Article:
Sharon Garcia, center, leads the Royal Oak Area Runners group Dec. 22 in Royal Oak.

Sharon Garcia, center, leads the Royal Oak Area Runners group Dec. 22 in Royal Oak.

Photo by Donna Dalziel

Running groups offer events, support

By: Sherri Kolade | C&G Newspapers | Published December 28, 2018

METRO DETROIT — William Hill doesn’t just make small talk.

What began as a throwaway conversation for the Farmington resident with his neighbor became a transformative idea that has changed the lives of many people in the Farmington area and beyond.

Hill, the co-founder of the Farmington Brewing Co. Run Club, is partly responsible — with co-founder and Farmington resident Susan Arlin — for why the small, picturesque downtown offers another reason to visit, particularly on Tuesday evenings at 7 p.m.

That’s when the group meets at the Farmington Brewing Co., 33336 Grand River Ave. in Farmington, and runners and walkers alike are welcome to join. The group began about three years ago and has been going strong ever since.

“It all started with Susan and I having a conversation in our backyard after running a 5K,” Hill said recently. “Early emails we had indicated that we would be happy with 20 people.”

But they didn’t stop there — hundreds of people have joined the group’s Facebook page and the group in person.

“We just wanted to find a collective group of people who wanted to run, and we enjoy running.”

The group, on a weekly basis, has around 30 people who meet at the FBC, and then they run or walk a 5K throughout the city. During the summer, that number hovers at around 100 people.

“We’re actually noticed because of the size (of our group),” Hill said. Some people notice the group and ask about it, then later join themselves.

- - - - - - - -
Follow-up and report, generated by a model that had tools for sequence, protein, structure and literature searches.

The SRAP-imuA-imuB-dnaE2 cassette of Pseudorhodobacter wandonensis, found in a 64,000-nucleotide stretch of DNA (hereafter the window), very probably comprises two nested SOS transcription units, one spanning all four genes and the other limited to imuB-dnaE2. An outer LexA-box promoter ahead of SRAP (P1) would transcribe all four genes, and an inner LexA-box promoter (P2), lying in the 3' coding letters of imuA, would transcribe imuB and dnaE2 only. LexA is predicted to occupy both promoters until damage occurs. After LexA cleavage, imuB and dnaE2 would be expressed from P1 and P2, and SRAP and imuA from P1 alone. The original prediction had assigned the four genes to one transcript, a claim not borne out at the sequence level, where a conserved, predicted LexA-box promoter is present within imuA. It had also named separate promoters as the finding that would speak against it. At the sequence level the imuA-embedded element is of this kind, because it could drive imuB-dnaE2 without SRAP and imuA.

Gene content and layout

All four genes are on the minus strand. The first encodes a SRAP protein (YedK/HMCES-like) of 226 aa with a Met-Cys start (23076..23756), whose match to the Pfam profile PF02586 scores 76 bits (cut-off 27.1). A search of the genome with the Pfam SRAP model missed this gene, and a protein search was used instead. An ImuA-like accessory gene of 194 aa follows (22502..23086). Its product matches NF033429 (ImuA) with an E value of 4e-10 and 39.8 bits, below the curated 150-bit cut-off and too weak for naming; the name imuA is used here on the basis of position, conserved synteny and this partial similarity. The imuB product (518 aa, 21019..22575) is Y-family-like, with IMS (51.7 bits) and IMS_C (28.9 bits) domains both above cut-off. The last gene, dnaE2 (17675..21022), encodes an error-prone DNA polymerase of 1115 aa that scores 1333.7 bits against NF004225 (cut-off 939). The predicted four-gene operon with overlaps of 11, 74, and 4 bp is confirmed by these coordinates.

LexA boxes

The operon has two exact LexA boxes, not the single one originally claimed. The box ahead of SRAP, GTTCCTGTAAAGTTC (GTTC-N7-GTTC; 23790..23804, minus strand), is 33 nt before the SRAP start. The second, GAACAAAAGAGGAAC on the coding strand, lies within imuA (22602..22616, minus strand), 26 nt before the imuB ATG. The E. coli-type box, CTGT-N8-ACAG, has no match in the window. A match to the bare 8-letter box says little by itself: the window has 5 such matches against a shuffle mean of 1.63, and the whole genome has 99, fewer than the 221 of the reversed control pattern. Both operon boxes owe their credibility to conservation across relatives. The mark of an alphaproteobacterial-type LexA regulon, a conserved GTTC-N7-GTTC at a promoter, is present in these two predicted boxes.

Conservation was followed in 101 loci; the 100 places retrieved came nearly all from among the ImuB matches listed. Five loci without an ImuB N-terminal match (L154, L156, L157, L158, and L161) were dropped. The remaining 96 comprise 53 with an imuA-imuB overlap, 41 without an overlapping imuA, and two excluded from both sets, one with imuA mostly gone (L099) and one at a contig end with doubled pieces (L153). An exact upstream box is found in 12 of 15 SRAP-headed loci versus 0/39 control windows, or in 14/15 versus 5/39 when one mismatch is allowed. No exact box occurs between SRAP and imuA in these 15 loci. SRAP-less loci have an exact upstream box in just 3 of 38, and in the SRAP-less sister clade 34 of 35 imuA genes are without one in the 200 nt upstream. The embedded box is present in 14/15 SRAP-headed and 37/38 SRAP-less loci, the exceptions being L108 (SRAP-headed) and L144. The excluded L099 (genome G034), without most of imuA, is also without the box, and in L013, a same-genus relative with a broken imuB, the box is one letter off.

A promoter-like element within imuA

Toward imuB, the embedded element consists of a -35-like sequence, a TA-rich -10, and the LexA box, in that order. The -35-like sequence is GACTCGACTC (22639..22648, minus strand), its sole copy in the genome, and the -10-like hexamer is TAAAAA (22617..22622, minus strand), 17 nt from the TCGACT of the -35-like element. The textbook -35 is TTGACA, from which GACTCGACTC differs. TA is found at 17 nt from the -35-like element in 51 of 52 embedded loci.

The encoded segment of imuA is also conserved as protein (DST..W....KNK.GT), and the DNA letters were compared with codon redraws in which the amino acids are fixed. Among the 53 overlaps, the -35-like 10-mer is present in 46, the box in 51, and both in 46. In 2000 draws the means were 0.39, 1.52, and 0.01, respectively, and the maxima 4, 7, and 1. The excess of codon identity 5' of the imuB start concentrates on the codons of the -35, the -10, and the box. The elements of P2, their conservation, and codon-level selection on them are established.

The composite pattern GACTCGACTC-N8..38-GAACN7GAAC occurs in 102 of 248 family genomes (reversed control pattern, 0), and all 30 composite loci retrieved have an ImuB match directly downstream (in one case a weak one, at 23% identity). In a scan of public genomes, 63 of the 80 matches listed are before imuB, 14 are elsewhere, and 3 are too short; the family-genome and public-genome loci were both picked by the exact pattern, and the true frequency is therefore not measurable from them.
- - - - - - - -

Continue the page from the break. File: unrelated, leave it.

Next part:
There are different routes selected regularly. The walkers tend to meet 15 minutes early so they have a head start; everyone ends back at the FBC for a pint or two.

Arlin said in an email that the group has had an “incredible” 2 1/2 years of running fun “that centers entirely on our community through a noncompetitive Tuesday night gathering.”

She said that the group members come from all over: Livonia, Garden City, Novi and Commerce Township, to name a few. “The relationships that have been built and the friendships that have developed have branched off into numerous events, with group members enjoying their times together outside of the Run Club evening,” she said.

Hill added that he can see why run groups are popular: because of the community aspect and bonding, and because members cheer each other on.

“It’s a very positive kind of environment — it doesn’t matter how fast you are, how slow you are, just matters if you’ve done your personal best,” he said. “Tuesday night is always where everybody comes … and gathers.”

Huntington Woods resident Lori Wraage gathers too.

For the past nine years, she has belonged to a group of kindred-spirit runners and walkers who have formed a community as the Royal Oak Area Runners.

She said the group, now hovering around 200 members, runs together tri-weekly with one main reason in mind: each other.

“The majority of people ... in our group run in the group for the group dynamic,” she said, adding that the group experience can tend to quash the spirit of giving up.

“Say you are having a bad day, don’t feel like running,” she said. “When you are with a group, for some reason it just gives you that little extra push. Sometimes they are having a conversation, and before you know it, the 5 miles are over.”